The application of 3rd March 2023
1.This ruling determines two applications. The first is dated 3rd March 2023, filed by the client. It is a reference in relation to the bill of costs dated 1st September, 2022 and seeks to set aside the ruling on taxation delivered on 23rd February 2023 by Hon. Mary N. Osoro, Deputy Registrar in Misc. App. No. E628 of 2022. The application is brought under the provisions of paragraph 11 of the Advocates Remuneration Order (ARO), sections 1A, 1B, 3A and 79(G) of the Civil Procedure Act and supported by the affidavit and further affidavit of Marianne Nyokabi Kamotho, the client.
2.The client states that she was not served with the documents in support of the bill of costs to enable her prepare her response in time. She takes issue with the taxation of item 1 of the advocates bill of costs for the reasons that the same was not supported by evidence and was manifestly excessive.
3.She avers that the taxing master failed to consider that the advocate had acknowledged receipt of Kshs. 80,000/= as disbursement to cater for filling of the suit which amount should have been considered. Finally, it was her case that there was a mutual agreement between the parties that the advocate was to be paid the sum of Kshs. 1,500,000/= for three files they were handling on her behalf, including CMCC No. E6834 OF 2020.
4.The application was opposed vide a replying affidavit sworn by Paul Maingi Musyimi, the advocate, on 29th March 2023. The advocate denied that there was a retainer or agreement for fees between the parties and insisted that no proof had been adduced in support of the same. He took issue with the electronic evidence produced by the client stating that the same had not been verified as contemplated in section 55 (8) and section 106 of the Evidence Act. In any case, the advocate argued that the text messages did not prove that there was a meeting of minds between the parties.
5.The advocate acknowledged having represented the client in three separate suits but affirms that the payment of Kshs. 80,000/=was paid pursuant to a legal services agreement dated 9th July 2020 between the advocate and Kenchair Holdings Limited where the client is the sole director-shareholder in Thika ELC No. 1276 of 2013 & Thika ELC 413 of 2013 (consolidated).
The application of 16th March 2023
6.The second application, filed by the advocate, was brought under the provisions of section 5(2) of the Advocates Act caps 16 of the Laws of Kenya and Paragraphs 4 and 7 of the Advocates Remuneration Order 2014. It seeks an order that judgement be entered in favour of the advocate, Maingi Musyimi Associates against the client, Marianne Nyokabi Kamotho in the sum of Kshs.3,2l5,523/= together with interest thereon at l4% per annum from 12th October 2022 (30 days from date of service of Bill of Costs) until payment in full.
7.The application was supported by the affidavit and further affidavit sworn by the advocate. The application was also opposed vide a replying affidavit dated 4th April 2023 sworn by the client. She confirmed that the advocate represented her in CMCC NO. E6834 OF 2020. She denied not having paid legal fees and states that she was not served with a ruling notice by the advocate for the taxation of the bill of costs. The client reiterated the grounds in her application of 3rd March 2023.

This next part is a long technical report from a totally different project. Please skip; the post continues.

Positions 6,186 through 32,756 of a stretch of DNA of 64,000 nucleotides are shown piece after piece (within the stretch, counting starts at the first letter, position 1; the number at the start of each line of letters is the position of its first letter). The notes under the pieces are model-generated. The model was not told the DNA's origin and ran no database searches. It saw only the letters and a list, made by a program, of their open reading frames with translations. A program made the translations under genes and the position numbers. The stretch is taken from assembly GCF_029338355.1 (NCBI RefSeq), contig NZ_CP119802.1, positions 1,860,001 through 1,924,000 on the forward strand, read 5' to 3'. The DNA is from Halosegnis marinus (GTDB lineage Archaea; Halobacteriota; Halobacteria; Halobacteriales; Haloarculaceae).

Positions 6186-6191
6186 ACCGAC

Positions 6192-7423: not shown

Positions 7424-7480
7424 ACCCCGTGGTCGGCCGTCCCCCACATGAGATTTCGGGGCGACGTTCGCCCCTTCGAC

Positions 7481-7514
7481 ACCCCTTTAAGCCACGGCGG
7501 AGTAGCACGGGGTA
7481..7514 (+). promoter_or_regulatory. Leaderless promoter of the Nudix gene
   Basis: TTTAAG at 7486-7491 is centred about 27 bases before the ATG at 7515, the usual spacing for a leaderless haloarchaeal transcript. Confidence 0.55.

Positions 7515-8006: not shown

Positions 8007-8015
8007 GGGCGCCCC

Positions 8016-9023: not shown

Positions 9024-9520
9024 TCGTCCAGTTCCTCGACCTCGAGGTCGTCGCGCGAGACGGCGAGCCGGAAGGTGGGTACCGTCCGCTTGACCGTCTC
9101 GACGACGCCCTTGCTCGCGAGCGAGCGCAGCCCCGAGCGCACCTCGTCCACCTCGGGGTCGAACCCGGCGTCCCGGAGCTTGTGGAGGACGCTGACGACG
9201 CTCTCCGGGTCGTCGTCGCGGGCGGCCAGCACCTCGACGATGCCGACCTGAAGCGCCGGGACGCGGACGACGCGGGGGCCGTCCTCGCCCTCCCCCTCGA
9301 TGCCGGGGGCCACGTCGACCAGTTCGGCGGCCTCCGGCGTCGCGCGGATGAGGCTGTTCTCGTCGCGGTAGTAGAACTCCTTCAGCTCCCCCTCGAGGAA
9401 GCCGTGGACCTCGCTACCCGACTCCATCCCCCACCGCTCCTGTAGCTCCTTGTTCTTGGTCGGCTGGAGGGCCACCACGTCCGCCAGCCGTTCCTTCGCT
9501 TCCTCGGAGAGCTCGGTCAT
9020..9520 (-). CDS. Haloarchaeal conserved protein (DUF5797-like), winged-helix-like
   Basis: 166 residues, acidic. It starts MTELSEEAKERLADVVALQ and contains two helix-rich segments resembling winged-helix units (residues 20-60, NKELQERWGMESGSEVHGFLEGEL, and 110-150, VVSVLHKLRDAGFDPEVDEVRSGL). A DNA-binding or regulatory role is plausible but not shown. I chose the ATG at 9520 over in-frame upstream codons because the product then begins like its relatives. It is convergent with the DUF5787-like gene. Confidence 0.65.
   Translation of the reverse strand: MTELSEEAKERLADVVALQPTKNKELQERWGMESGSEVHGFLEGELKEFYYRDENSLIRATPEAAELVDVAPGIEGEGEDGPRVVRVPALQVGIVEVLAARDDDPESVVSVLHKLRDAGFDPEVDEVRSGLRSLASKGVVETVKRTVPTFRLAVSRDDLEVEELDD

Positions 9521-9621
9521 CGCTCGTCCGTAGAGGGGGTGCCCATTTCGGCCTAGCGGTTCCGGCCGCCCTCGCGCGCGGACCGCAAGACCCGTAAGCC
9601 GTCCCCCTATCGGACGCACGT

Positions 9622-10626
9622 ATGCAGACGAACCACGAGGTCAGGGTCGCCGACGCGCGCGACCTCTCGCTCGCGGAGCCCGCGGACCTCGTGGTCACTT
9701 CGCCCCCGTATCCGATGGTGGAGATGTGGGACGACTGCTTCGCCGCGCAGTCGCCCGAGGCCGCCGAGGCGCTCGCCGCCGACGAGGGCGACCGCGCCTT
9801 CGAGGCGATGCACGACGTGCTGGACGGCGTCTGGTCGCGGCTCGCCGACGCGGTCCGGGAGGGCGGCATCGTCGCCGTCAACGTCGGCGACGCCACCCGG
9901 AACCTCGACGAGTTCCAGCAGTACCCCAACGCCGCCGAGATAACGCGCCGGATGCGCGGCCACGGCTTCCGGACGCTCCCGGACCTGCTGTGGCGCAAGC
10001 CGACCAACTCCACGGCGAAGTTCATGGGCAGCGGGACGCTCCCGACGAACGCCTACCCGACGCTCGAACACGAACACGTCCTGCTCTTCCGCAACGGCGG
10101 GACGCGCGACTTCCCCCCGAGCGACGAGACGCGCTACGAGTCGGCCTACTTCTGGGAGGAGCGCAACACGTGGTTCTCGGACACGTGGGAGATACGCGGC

8.Pursuant to the directions of this Court the parties canvassed both applications by way of consolidated written submissions. The client’s submissions are dated May 26, 2023 and the advocates submissions are dated June 1, 2023.
9.I have carefully considered the pleadings, evidence and rival submissions filed by the parties before this Court. In doing so, I am well aware of the limitations of this Court in an appeal of this nature. The generally laid down principle is that this Court cannot interfere with the decision of the taxing master unless there is an error of principle, or unless it finds that the fee awarded was manifestly excessive or high to warrant such interference. (For this see: First American Bank of Kenya v Shah & Others, 1 E.A and Joreth Ltd v Kigano & Associates, Civil Appeal No.66 of 1999  1 EA 92,  eKLR amongst others).
10.That said, it is my view that the two applications raise the following issues for determination:i.Whether there was proper service of the pleadings and ruling notice on the client by the advocate with respect to Misc. App. No. E628 of 2022.ii.Whether there was a mutual agreement between parties on the legal fees payable?iii.Whether the taxing master erred in not applying the correct value of the subject matter in taxing the bill of costs.iv.Whether the taxing master erred in not considering the part payment of legal fees of Kshs 80,000/=.
Whether there was proper service of the pleadings and ruling notice on the client by the advocate with respect to Misc. App. No. E628 of 2022.
11.The client avers that there was a breach of the provisions of order 21 rule 9A of the Civil Procedure (Amendment) Rules, in that she was not properly served with a breakdown of the costs as required. Order 21 rule 9A reads as follows:
12.It is clear from the evidence before the court that the client was served with the Advocate & Client Bill of Costs providing the breakdown of costs sought by the advocate, via an email dated September 12, 2022. The client was also served with a hearing notice on the same date, a ruling notice on February 1, 2023 and the certificate of taxation on March 7, 2023. The email address to which all these pleadings were served was firstname.lastname@example.org.